As the younger Masson explained, keeping both cars straight was a challenge he had to master.

“Because everything was under the same tent, the time management wasn’t that difficult,” Masson told NBC Sports. “We entered with the focus of me winning the (MPC) races. The PC car, I could figure out in the race. The Lites was more on edge, and I had to push and figure it out.

No. 38 Performance Tech Motorsports Oreca FLM09. Photo courtesy of IMSA

“The biggest difficulty I had was going back and forth from the Lites (MPC) to the PC car, totally different styles. They don’t drive similarly at all. The (Lites) car is so planted, it’s so physical, you have the muscle it. The PC car is delicate, twitchy, with power steering. When you’re going back and forth, it becomes tainted with elements of the other! I was learning how to re-drive the car in middle of the (Lites) races.”

There was another element that made the MPC races difficult to master. IMSA has adjusted the former Prototype Lites series to now add LMP3 chassis, which is a separate class from the MPC class, the former top class of the prototype development series when it was called L1. Because the cars have speed in different areas, Masson had to figure out how to race the new cars without them compromising his own race.

“The P3 cars had more speed on the straights and that made it more difficult to pass,” he explained. “A P3 car had held me off for a couple laps, would block in the corners and pull away on the straight. That pushed me into the JDC entry in MPC and kept us together to battle and fight. The two classes combined are a bit hectic, but we’ll learn how it goes.”

Masson had to learn Daytona from the Roar Before the Rolex 24 while at Sebring, he estimated he had more than 1,000 laps at the track a couple hours south of Orlando. For a driver who’s only been competing for two and a half years since graduating from Skip Barber, it’s already become a track he’s learned to master. That track experience made it easier, if not outright easy, to switch between the two cars.

No. 38 Performance Tech Motorsports Oreca FLM09. Photo courtesy of IMSA

The weather differences between Daytona and Sebring’s races could not have been wider apart, either. Daytona was rain-drenched with ambient temperatures barely above 40 degrees; Sebring, sunny in the 70s on race day, actually made it a bonus to be in the venerable open-top cars rather than a hindrance as it was in Daytona.

“Daytona was absolutely miserable. I was freezing… I think I got out with hypothermia!” Masson laughed. “But Sebring, with the cooler air, the open-top and dry weather, allowed us to stay cool in the car.”

Masson and O’Ward were the two young proteges under French, the 24-year-old out of Sheboygan, Wis. who has evolved into Performance Tech’s undisputed team leader and lead driver the last couple seasons.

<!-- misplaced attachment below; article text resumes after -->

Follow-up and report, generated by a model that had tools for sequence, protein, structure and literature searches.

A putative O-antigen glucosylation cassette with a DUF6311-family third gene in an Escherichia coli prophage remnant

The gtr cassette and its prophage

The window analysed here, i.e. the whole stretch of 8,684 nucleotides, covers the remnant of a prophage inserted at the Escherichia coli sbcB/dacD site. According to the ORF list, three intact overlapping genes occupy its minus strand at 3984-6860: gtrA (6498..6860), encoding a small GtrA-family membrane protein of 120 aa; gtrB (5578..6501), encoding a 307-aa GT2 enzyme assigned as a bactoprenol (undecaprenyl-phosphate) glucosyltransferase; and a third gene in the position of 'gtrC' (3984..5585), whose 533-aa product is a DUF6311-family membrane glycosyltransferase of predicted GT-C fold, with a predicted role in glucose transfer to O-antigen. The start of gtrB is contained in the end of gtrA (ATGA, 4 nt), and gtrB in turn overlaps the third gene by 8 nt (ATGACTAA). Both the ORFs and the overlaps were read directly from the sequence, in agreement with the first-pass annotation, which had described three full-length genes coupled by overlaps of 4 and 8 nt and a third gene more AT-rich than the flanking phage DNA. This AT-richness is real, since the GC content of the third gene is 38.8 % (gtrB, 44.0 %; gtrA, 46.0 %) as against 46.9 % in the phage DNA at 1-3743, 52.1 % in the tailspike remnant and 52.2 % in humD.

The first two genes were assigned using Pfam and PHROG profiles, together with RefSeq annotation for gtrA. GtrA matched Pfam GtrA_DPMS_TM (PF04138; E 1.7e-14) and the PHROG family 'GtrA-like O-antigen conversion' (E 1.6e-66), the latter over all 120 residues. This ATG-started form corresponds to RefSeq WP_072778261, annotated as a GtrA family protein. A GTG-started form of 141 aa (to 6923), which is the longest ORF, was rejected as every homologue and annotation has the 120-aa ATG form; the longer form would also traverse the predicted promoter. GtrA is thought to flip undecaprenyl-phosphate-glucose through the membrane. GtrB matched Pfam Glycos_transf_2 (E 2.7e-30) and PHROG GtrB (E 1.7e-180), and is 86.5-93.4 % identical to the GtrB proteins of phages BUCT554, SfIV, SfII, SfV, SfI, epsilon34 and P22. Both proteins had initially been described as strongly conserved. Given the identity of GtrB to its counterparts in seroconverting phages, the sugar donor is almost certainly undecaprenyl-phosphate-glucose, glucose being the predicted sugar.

Masson and O’Ward gelled from the off having been teammates with Performance Tech in the Elan MPC cars last year at Sebring, and reconnected at the all-Mazda combined Mazda Road to Indy and Mazda Road to 24 weekend at Mazda Raceway Laguna Seca last September. It became natural to be paired up with French, who Masson said has been an invaluable coach and resource.

“It was a daunting task stepping up. I was extremely nervous,” Masson admitted. “I know how to drive a car and use the clutch, but hopping into the PC car felt foreign. I knew almost nothing at the Roar. It was such a big jump that it felt like something I hadn’t done before.

“But James was a mentor. I always looked up to him. He was like an idol to me! He’s helping coach me along. He helps stay calm, cool and collected. He has the experience but we’re really close friends.”

Kyle and Robert Masson. Photos courtesy of IMSA

Family is a big word around both the Masson name and the Performance Tech team. Masson’s dad, Robert, is a neurosurgeon… who is also Kyle’s teammate with Performance Tech in the MPC class this season.

Meanwhile O’Neill’s team is a true privateer effort; the Deerfield Beach, Fla.-squad has a family atmosphere that drivers who’ve been there have hailed before going onto other programs. Prior to his graduation to Mazda’s factory prototype team, Tristan Nunez raced here.

“They are an amazing group of guys,” Masson said. “I only got into racing 2.5 years ago, fresh out of Skip Barber, and there’s so many paths and roads to go down. I could have gone down the Road to Indy or the Road to 24, because there’s so many teams and options. I was so lucky to meet up with Brent and Performance Tech.

“They will always be family to me now. They will be always my first family. They’re always there for me. They care so much. They want to win races so badly. The performance matters.. it’s so serious and you know they won’t sacrifice an ounce. It’s a great environment.”

At 19, there’s no knowing how high Masson’s career might rise. He’s already got a Rolex watch and a Sebring trophy under his belt… and this is in the off time when he’s not studying for a double major in business and finance at the University of Central Florida.